The EU’s “Eastern Partnership” summit in Vilnius beginning on Thursday night was supposed to celebrate landmark trade and co-operation deals being signed or finalised with four former Soviet republics.

Instead, Armenia turned its back on an EU deal in September while 46m-strong Ukraine last week froze preparations to sign one– both under brutal pressure from Moscow. That has left only Moldova and Georgia ready to “initial” the texts of deals in Vilnius.

The summit, which opens in a rebuilt replica of the 15th-century Palace of the Grand Dukes of Lithuania, must now try to salvage hopes of a future deal with Ukraine and put a brave face on the limited success of the four-year-old partnership programme.

Russia’s strong-arm tactics towards ex-Soviet neighbours preparing to do EU deals have raised questions over the future of the Eastern Partnership – and caused tensions between older and newer EU members over how to respond.

When EU ambassadors met to prepare for the summit this week, west European envoys insisted the Vilnius declaration must contain no explicit promise of future EU membership to ex-Soviet countries such as Ukraine. One ambassador from an ex-communist country upbraided colleagues for using wording similar to that which Brussels uses with north Africa.

“While we are drafting, Russia is acting,” the ambassador said, according to two people in the room.

The Eastern Partnership aimed to implant European democratic values into countries beyond the EU’s eastern borders, after 10 ex-communist countries from central Europe joined the union in 2004 and 2007. It offered agreements to six ex-Soviet republics similar to those given to central European states in the 1990s.

Partner countries are offered tariff-free access to the EU single market – and vice versa – if they adopt large chunks of EU legislation.

That could stimulate big investment inflows, although partnership countries risk economic pain until they complete reforms needed to make their products competitive in the EU.

Some critics say the programme made two big mistakes. It offered one-size-fits-all solutions to wildly differing countries. And it assumed these countries’ leaderships would embrace EU integration the way central Europe’s reformist 1990s governments did.

“We would have eaten grass to rejoin Europe,” one senior central European politician recalled this week. But many ex-Soviet authoritarian elites today are mainly interested not in westernising their countries but in preserving their power and wealth.

Other critics say the packages fell short, by omitting – because of western EU members’ “enlargement fatigue” – any promise of eventual membership. Countries that did crave European integration questioned if their painful reforms would be adequately rewarded.

EU officials also reckoned without Russia launching a rival integration project, a customs union of ex-Soviet states – incompatible with the EU’s trade area – set to be deepened by 2015 into a “Eurasian Economic Union”. Russia has used energy, trade and security pressures to deter ex-Soviet countries from EU deals.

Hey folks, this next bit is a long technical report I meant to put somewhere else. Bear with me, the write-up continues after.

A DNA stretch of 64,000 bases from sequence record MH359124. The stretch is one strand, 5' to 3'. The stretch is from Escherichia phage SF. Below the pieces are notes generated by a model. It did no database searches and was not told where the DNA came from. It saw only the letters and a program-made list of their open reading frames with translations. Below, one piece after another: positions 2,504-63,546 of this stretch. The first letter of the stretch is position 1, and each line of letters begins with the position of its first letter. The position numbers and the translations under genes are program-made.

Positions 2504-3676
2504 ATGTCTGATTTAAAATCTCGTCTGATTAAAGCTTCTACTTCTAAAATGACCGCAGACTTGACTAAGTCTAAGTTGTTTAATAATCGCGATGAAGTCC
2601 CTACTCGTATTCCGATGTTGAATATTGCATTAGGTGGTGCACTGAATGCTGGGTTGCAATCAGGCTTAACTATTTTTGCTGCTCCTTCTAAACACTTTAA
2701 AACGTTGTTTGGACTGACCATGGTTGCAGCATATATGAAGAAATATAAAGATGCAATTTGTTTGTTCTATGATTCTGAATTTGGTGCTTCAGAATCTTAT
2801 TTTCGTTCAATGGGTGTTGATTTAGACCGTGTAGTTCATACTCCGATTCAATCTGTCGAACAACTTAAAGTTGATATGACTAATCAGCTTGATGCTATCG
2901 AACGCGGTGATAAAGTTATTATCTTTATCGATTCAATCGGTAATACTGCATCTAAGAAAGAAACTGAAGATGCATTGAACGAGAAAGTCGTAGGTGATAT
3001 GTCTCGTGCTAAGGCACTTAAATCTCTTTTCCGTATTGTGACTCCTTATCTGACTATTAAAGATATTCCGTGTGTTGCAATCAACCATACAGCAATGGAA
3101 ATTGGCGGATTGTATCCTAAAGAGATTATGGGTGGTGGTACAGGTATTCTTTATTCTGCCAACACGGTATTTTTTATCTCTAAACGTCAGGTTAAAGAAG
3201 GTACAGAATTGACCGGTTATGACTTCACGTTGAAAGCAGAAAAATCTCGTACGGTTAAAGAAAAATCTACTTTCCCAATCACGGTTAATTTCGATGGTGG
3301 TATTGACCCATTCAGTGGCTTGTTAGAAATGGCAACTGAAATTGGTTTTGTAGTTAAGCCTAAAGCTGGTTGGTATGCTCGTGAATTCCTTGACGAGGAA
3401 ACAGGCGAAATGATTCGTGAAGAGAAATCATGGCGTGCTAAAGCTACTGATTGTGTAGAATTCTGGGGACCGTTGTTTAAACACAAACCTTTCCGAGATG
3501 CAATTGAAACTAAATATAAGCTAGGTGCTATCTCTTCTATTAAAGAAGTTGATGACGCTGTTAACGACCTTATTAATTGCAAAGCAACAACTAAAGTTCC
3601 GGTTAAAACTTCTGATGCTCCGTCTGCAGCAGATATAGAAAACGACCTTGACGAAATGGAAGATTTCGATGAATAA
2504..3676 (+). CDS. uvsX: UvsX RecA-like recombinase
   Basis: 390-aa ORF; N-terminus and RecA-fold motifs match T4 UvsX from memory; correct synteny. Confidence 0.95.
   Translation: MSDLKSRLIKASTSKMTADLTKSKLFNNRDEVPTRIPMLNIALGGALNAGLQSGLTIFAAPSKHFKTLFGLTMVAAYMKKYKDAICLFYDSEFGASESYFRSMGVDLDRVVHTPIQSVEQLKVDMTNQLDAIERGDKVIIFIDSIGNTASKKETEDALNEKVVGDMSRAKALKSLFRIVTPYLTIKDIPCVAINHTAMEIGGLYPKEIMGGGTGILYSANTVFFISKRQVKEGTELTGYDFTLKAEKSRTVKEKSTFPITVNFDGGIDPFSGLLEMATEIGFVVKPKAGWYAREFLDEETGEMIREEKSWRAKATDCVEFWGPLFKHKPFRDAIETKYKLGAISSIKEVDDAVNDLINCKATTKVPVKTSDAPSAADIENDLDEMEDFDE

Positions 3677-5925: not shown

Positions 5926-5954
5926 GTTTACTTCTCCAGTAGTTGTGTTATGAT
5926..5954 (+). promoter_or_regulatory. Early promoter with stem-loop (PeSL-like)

Radoslaw Sikorski, foreign minister of Poland, a driving force of the Eastern Partnership, says Moscow “shifted the goalposts”. In 2008, he suggests, President Vladimir Putin signalled Russia would not allow countries such as Ukraine or Georgia to join Nato, but EU integration was not a problem.

Stefan Füle, EU commissioner for the partnership project, parried criticisms that the Kremlin had outmanoeuvred Brussels.

“We’ve worked with Ukraine for years on meeting their European aspirations. We have put forward the most ambitious [offer] second to enlargement,” Mr Füle said, adding the EU deals had “huge transformative power”.

“Looking back I don’t see anything we would do differently,” he said.

Some central European diplomats, however, say the EU should have been more aggressive and creative in offering incentives to Ukraine.

The senior central European politician said the EU approached Ukraine like a normal commercial and political partner, holding formal talks. Russia treated it “like a spy operation”, with operatives in the local media and parliament, and special operations targeting individual Ukrainian oligarchs.

“We always had a much weaker hand than Russia. They have a unity of purpose, and a certain brutality,” he said. “This is a crucial operation for them.”

Analysts suggest the EU must now find new ways of engaging with ex-Soviet republics and their citizens – offering visa-free travel, reducing reliance on Russian energy, and helping civil society promote political reforms.

Peter Havlik of the Vienna Institute for International Economic Studies says the EU should work with Moscow on making the Eastern Partnership and Russia’s customs union compatible.

That could lead ultimately to what both sides have proclaimed as a long-term goal of a free trade area “from Lisbon to Vladivostok” – with countries such as Ukraine an integral part, and big beneficiary.

It would require Brussels to engage with Moscow and Kiev’s proposal of three-way talks – although with care. “What has to be avoided is the impression that the EU and Russia are negotiating over Ukraine’s future,” says Mr Havlik.

Some suggest the EU must mature into a more hard-headed geopolitical player, with a clearer strategic grasp of its aims in the former Soviet space.

“Brussels likes to think that because [the Eastern Partnership] is a civilisational project, it’s not geopolitical,” says James Sherr of London’s Chatham House think-tank. “But of course it’s geopolitical – and Moscow will always see it that way.”

Additional reporting by Jan Cienski in Warsaw

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